Africa saw the launch of its latest sovereign wealth fund in the form of Nambia’s more conventional commodity-backed Welwitschia Fund.
The fund has an initial injection of N$262 million (US$16 million), but will be boosted by offshore oil resources discovered by TotalEnergies and Shell. It will collect royalties from mineral resources as well as a share of tax revenues.
President Hage Geingob said at the launch the Welwitschia Fund would invest 2.5% of its portfolio locally to bridge the country’s infrastructure financing gap.
The fund is similar to those commodity-backed funds seen in Angola, Botswana, Libya and Nigeria, but distinct from the recently launched Ethiopia Investment Holdings which seeks to better manage and monetise existing state holdings.
In February, TotalEnergies announced that its Venus prospect offshore Namibia was productive and Reuters’ sources suggested there were reserves of more than 1 billion barrels of oil equivalent. Namibia’s other resources include diamonds, gold and uranium and the country is seeking to become a major green hydrogen producer by 2026. The country’s minerals potential is vast when compared to the size of its popilation – for example, Namibia produced 1.5 million carats of diamonds in 2021.
The SWF will join Africa’s 30 SWFs or sub-funds, most of which are relatively minuscule, with combined wealth of US$98 billion.
The establishment of the fund is one of the first goals of the Harambe Prosperity Plan II (HPPII), a medium-term economic development action plan spanning 2021-25. The fund will be seeded with asset sales and royalties collected from mineral extraction, such as diamond mining. The recommendation to launch an SWF was set out by the High-Level Panel on the Namibian Economy (HLPNE) with an initial framework scheduled in Q2 FY2021/22.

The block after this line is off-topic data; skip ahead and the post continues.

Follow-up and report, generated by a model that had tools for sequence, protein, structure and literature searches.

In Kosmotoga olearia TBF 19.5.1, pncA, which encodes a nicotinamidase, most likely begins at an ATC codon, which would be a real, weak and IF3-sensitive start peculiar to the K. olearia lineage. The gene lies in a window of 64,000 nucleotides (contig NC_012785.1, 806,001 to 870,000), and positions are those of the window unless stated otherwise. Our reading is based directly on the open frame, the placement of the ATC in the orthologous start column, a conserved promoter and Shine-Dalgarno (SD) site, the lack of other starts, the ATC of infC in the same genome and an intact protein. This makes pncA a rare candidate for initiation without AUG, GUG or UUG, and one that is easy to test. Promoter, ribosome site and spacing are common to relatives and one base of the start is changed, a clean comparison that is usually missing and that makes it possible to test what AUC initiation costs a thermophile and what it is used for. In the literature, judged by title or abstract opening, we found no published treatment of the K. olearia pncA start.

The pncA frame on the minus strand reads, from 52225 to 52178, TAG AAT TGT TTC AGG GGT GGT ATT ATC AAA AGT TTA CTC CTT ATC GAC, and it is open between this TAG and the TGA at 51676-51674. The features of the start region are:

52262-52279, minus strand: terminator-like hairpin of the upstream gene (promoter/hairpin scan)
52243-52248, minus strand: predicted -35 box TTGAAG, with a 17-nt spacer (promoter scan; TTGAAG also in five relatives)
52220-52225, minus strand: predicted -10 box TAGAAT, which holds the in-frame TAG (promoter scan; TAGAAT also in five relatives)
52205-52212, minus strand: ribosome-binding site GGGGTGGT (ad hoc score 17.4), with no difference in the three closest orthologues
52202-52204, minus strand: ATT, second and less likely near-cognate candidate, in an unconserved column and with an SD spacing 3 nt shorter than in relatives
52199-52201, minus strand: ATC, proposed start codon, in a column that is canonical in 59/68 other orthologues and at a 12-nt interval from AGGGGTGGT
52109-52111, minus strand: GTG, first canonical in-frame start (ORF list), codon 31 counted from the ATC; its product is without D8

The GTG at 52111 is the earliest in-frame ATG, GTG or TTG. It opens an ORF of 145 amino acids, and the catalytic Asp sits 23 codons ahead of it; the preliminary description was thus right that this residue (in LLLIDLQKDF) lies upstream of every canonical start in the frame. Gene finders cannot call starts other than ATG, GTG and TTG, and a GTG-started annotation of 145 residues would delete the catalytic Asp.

In accordance with HPPII, it will have a dual mandate. The stabilization part of the fund will be invested in fixed income assets with a focus on low risk and liquidity, while the intergenerational fund will comprise of 70% public equity with the rest comprised of fixed income and private market assets, including private equity, real estate and infrastructure. Approximately 2.5% of the intergenerational fund will be invested in infrastructure projects with socio-economic benefits for future generations, indicating a domestic strategic economic development angle to the intergenerational fund.
Most of the SWF’s portfolio will comprise foreign holdings with the likelihood that the government will appoint external asset managers, as is the case for Botswana’s Pula Fund and the stabilization fund of the Nigerian Sovereign Investment Authority (NSIA).
The government plans to privatize 22 SOEs with the proceeds going to the SWF. The biggest of these assets is Namibia’s largest telecommunications company with a 90% market share, MTC Namibia. In November 2021, MTC raised N$2.54 billion through an IPO, but fell short of the N$3.1 billion it had hoped to raise. The lower value cast doubt on the ability of the new fund to raise capital and liquidity for its various investment objectives.